He made it real clear. War should be fought by the children of those who decide to declare it. There was a clear distinction to be made between the Germans and the Nazis.

    He pointed out that it just have been Great Britain that went Nazification and that every country was possible of becoming like them.

    He was right.

    • “There was a clear distinction to be made between the Germans and the Nazis.”

      There were very few “good Germans”.

      You should find and read “Hitler’s Willing Executioners”

      • “Hitler’s Willing Executioners” is decisively regarded as abysmal scholarly work world-wide and was even criticized as “racist germanophobia” by Jewish-American studies professor Fritz Stern of Columbia University. The author’s professorship at Harvard is largely attributed to his father’s legacy there anyway. Try citing a real scholarly source next time you want to make sweeping generalizations about everyone who lived in a particular country during a twelve year period.

  6. Check out a movie called “Kanal” (sewer) which is set during the Warsaw Uprising. I saw it many years ago and don’t remember how the film is slanted politically, but I do recall that the military hardware was very interesting. There was a scene where German engineers tried to use a Goliath remote control demolition tank. A Polish soldier ran up to it and cut the wires with an entrenching shovel. Good stuff and probably the only time that particular weapon was used in a movie.

  7. Buddy has a Radom, thing shoots like a dream, tried to acquire it, just about came to blows when I asked him if he would sell it to me, LOL!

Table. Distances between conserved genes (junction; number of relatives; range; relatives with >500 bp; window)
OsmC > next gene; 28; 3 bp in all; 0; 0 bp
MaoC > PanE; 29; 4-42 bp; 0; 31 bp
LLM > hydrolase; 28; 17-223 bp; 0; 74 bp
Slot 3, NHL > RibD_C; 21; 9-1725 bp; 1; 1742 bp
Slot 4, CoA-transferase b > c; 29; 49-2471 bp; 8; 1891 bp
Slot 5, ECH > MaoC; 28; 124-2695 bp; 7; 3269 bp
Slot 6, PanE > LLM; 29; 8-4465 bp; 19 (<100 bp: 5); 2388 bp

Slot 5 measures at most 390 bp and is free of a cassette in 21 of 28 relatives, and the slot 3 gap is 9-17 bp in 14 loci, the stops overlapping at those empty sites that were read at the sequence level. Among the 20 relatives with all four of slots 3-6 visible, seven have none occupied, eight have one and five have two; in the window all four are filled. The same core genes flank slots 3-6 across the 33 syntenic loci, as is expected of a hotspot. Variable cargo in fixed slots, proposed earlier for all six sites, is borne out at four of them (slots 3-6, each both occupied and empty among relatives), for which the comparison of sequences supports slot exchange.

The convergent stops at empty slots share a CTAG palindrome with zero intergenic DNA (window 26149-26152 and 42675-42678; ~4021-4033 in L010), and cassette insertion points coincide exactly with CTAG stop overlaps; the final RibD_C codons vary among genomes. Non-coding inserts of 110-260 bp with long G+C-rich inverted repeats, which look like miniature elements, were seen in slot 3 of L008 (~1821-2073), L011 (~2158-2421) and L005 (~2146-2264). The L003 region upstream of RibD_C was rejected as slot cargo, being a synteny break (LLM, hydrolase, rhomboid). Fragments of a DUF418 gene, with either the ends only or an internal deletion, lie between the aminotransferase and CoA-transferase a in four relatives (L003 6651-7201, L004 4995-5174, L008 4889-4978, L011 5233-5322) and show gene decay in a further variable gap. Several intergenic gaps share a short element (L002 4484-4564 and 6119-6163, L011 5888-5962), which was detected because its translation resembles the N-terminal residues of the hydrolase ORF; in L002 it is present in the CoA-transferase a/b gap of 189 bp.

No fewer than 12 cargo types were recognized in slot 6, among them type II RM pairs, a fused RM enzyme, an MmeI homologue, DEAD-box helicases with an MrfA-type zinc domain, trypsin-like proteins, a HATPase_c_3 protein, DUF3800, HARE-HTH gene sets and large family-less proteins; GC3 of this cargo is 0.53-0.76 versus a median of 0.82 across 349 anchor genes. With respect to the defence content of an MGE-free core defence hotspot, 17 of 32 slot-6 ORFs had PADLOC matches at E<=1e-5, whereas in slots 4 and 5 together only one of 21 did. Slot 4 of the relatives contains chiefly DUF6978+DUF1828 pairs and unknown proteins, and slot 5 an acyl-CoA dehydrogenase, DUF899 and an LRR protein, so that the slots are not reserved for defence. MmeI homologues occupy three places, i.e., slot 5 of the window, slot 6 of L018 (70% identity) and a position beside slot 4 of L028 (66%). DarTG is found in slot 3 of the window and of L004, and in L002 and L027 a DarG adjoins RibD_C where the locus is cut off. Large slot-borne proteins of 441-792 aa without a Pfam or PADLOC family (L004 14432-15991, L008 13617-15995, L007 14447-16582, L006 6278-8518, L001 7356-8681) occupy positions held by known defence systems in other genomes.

8. The Poles were very sharp. Prior to WW2 they stole an Enigma cypher machine from the Germans and performed much of the mathematical analysis needed to decypher Enigma messages. Once the war began, they passed their stolen example to the British who finished the job.

      • Poles bought the commercial (much simpler) version of the Enigma and three brilliant mathematicians figured out how the military version worked. Then they build “Polish” Enigma to decipher the messages.

        On the side of the handguns: VIS is more derivative of Colt 1911 than FN HP (although FN HP “borrowed” some ideas from VIS and the other way round). I would love to have the prewar gun in good shape, unfortunately they are a bit too expensive.

      • Yes, it was vital, and in steady use throughout the Africa campaign and much later. I recently saw a TV item on a Spanish spy who volunteered for the Abwehr (after being turned down by the British), and who invented an entire imaginary spy ring based on his reading of the British Isles at the Lisbon Library. Later he was accepted into MI5, and created a large amount of written and radio traffic from Britain to the Germans. It was he who convinced Hitler to countermand Rommel, and hold all the Panzer divisions and 300,000 men at Calais for a month after the D Day landings at Normandie, ensuring the Allies’ success. Without this the invasion would have been defeated, and the war prolonged for possibly many years.

  9. Recently I found out that Nazi propaganda was very instrumental in the popularization, if not the creator, of the “Polish Joke”. I guess it makes total sense, I just had never questioned it until a few years ago. Insidious stuff.